Students in southern Ontario will soon be studying the works of authors like Thomas King, Drew Hayden Taylor, and Thomson Highway.
That’s because Indigenous voices are now mandatory in 13 high schools in southern Ontario.
The move by the Ontario government is seen as an act of reconciliation.
Métis teach Marilyn Robitaille has been teaching English for the past 15 years.
Now she gets to include Métis culture in the curriculum.
“Actually it’s a dream come true for me being able to share some of the personal aspects of my life with students in a way that is meaningful,” Robitaille said.
“And lets them connect to me and connect to the texts and have the authentic voice I think that’s real.”
It’s all part of the contemporary Indigenous voices course, now a mandatory English credit for all grade 11 high school students in the Kawartha Pine ridge District School Board.
It’s only the fourth school board in Ontario to make the course mandatory.
Teachers have been provided with new teaching resources and have received cultural competency training.
The Indigenous education consultant says it’s an exciting time and a lot of work
“The curriculum component is there and that’s all we’re asking our teachers to cover,” said Dean Smith, Indigenous education consultant.
“They’re not being asked to bring in anything cultural and that’s where the community and the authentic voice has to come in.”
Three weeks into the school year, 15 year old Emily Mrozowski said the change is good.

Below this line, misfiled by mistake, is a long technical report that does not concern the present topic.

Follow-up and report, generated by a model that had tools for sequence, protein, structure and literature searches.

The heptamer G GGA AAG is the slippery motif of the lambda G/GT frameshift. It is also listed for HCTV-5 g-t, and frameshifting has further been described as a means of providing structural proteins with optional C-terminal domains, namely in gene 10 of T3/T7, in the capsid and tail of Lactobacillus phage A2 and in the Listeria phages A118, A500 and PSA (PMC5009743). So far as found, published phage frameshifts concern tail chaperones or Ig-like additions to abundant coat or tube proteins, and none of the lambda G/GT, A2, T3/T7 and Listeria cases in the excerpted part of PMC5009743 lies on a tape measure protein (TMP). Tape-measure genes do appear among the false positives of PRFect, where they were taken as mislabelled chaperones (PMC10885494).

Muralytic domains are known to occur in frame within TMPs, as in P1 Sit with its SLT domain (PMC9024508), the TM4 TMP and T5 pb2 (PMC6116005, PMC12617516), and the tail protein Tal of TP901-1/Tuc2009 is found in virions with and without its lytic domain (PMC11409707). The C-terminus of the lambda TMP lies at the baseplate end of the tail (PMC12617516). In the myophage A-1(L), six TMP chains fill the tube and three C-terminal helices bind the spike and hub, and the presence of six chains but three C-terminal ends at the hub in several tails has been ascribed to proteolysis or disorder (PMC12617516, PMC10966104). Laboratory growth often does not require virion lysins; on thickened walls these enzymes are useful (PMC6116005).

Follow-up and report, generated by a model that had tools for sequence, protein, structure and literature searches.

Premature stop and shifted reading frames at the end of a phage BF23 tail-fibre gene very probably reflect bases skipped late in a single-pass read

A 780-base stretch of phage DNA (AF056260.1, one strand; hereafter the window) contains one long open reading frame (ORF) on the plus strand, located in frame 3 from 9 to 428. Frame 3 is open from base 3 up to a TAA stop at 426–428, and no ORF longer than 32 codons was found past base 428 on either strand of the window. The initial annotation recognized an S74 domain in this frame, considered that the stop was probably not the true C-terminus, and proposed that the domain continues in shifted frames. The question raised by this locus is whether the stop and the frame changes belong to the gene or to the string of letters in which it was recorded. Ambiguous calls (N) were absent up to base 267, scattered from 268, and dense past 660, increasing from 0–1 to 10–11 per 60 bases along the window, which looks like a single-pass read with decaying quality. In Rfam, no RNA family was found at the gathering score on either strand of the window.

“I really like history so we’re learning about treaties and I find that interesting,” she said.
“But I also find it cool how everything like the medicine wheel for example it’s a cycle I don’t know I just find it interesting how it relates to everything.”
The Kawartha board serves students from three First Nations.
As an Indigenous education consultant with the school board, Marjolaine Lapointes supports teachers implementing Indigenous education.
She says, it’s a significant move to reconciliation.
“I think of all of the Indigenous students that we have here in the board are now going to be able to see themselves reflected in the curriculum and they’re going to be able to engage with their realities in the course that they’re taking,” she said.
“And I think also of all of the all of our non indigenous students who are seeing these truths right, so we talk about truth and reconciliation where they’re going to be able to access all of these authentic voices for their own learning.”
Lapointe said she would like to see Indigenous content included in all grades, starting in kindergarten
“We’ve really talked about the culture that they’re going to be reading about and learning about and it’s giving them the background knowledge,” she said.
“So when they read a novel and it talks about an animal as a symbol for example they understand importance of symbol and what that means in a culture they don’t necessarily already know.”